With the world being as hectic and uncertain as it is, it is no surprise that as a species, we are constantly looking for ways to return to our roots, which is why organic farming is becoming as popular as it’s getting.
More and more people are looking to go back to the natural form of farming because it provides you with natural foods and products which contain no dangerous chemicals which are becoming an alarming feature in today’s agricultural products.
However, if you want to make sure that organics is something that gets the recognition that it deserves, the industry needs to be rid of some of the most common myths and misconceptions that continue to prevail. Here are four of the most common myths in the organic industry.
Organic methods of farming are outdated
When people hear the term organic, they immediately equate it to old and outdated. This is not true. Just because the organic method prefers to minimize the use of chemical pesticides and fertilizers does not mean that the organic method of farming is outdated.
In fact, a large part of farming organically is the application of a lot of scientific data to find the best combination of factors to help increase your yield as much as possible.
There’s no proper pest control
One concern that people have when they eat organic products is the fear that they may be eating pests because of the idea that since organic methods of farming are natural, they do not take the needed measures to manage pests. However, this is false, as organic methods of farming do have pest control and management; they simply use natural methods of doing so.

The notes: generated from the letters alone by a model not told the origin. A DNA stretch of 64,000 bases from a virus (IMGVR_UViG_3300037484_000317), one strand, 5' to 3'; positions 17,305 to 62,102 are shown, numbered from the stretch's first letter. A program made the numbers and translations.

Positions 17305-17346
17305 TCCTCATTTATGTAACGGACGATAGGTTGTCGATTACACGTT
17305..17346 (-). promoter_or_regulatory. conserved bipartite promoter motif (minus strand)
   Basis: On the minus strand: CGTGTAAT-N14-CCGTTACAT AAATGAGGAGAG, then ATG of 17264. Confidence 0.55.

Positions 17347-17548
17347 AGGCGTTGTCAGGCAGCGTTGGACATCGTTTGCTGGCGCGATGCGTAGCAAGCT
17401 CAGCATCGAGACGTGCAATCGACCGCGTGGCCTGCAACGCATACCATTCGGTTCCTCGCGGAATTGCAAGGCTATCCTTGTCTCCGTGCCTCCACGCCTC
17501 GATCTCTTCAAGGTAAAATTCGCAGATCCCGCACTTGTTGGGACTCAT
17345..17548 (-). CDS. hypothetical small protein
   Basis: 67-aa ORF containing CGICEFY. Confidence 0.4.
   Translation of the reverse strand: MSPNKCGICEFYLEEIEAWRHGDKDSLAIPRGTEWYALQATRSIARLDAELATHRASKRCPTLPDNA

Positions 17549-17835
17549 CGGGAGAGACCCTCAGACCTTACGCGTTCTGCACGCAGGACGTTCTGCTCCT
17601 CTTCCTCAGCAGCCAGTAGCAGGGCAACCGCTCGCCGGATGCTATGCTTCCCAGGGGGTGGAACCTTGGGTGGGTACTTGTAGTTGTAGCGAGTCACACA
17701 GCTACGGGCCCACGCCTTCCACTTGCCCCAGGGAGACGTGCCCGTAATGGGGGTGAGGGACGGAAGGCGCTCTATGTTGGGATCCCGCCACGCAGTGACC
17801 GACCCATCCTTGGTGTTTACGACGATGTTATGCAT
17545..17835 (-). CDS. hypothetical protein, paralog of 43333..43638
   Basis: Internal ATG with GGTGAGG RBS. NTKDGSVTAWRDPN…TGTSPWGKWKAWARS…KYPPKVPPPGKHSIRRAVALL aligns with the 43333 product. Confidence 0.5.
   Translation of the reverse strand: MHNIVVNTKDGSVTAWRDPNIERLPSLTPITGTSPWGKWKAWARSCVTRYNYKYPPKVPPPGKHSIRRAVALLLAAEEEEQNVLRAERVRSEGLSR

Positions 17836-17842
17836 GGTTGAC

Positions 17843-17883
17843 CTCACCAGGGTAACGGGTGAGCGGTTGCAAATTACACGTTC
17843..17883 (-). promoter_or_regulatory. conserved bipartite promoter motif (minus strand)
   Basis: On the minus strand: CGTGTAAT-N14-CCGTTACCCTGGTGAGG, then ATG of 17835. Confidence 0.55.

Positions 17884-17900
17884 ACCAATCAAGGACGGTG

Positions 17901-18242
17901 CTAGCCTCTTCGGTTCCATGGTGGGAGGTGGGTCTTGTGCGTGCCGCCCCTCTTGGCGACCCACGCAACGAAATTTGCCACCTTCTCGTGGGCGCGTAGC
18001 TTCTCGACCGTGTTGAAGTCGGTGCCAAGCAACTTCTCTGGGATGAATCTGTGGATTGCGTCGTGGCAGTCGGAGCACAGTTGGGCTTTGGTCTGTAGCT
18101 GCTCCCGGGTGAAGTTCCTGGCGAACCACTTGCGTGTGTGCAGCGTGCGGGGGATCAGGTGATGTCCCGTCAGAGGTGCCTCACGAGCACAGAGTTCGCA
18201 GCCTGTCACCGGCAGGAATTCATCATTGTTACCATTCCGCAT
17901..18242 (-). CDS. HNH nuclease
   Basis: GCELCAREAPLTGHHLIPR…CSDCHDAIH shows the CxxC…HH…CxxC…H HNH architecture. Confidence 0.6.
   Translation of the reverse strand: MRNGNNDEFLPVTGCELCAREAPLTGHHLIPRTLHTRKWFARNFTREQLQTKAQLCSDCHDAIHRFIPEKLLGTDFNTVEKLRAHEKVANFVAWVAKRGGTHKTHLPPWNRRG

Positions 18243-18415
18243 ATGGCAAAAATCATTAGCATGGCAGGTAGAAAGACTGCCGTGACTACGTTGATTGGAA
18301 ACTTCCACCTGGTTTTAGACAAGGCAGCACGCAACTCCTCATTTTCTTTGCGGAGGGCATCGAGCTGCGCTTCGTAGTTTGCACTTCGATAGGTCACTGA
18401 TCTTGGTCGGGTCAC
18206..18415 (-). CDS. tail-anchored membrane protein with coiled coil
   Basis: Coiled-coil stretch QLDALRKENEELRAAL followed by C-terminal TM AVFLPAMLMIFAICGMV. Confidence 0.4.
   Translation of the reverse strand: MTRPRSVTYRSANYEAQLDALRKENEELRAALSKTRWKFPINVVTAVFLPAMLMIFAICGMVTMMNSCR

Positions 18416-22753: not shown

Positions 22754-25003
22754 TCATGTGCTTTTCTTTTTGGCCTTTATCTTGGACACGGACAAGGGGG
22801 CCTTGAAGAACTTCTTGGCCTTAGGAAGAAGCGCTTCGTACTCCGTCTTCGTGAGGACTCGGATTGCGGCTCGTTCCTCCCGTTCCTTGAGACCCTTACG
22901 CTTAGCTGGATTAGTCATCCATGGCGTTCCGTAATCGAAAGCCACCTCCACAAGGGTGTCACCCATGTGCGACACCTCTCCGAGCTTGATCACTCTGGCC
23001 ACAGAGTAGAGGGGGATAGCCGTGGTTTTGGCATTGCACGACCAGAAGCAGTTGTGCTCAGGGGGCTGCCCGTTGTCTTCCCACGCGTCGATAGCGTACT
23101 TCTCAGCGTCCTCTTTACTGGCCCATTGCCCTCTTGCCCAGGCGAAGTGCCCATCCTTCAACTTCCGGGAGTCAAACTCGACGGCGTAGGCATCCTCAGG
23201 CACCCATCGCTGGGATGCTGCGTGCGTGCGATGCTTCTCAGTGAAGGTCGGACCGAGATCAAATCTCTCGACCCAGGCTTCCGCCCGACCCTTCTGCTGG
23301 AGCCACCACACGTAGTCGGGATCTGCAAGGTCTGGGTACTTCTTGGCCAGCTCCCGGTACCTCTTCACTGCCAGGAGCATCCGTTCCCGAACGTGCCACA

This cannot be commercialized
From a business standpoint, it is a concern to many potential organic farmers that it is impossible to commercialize an organic farm, so there is no point in investing in one. However, you should know that an organic farm is highly sustainable and profitable, as long as you know how to manage it properly.
Organic means completely chemical-free
While organic farming relies on natural methods of farming, you cannot assume that organic immediately means chemical-free. To maximize yields and properly manage pests, organic methods do make use of chemicals, however, these differ significantly from the ones used in conventional farming, as these chemicals are allowed for use based on their composition. If it is classified as a Permitted chemical, then it can be used for organic methods of farming.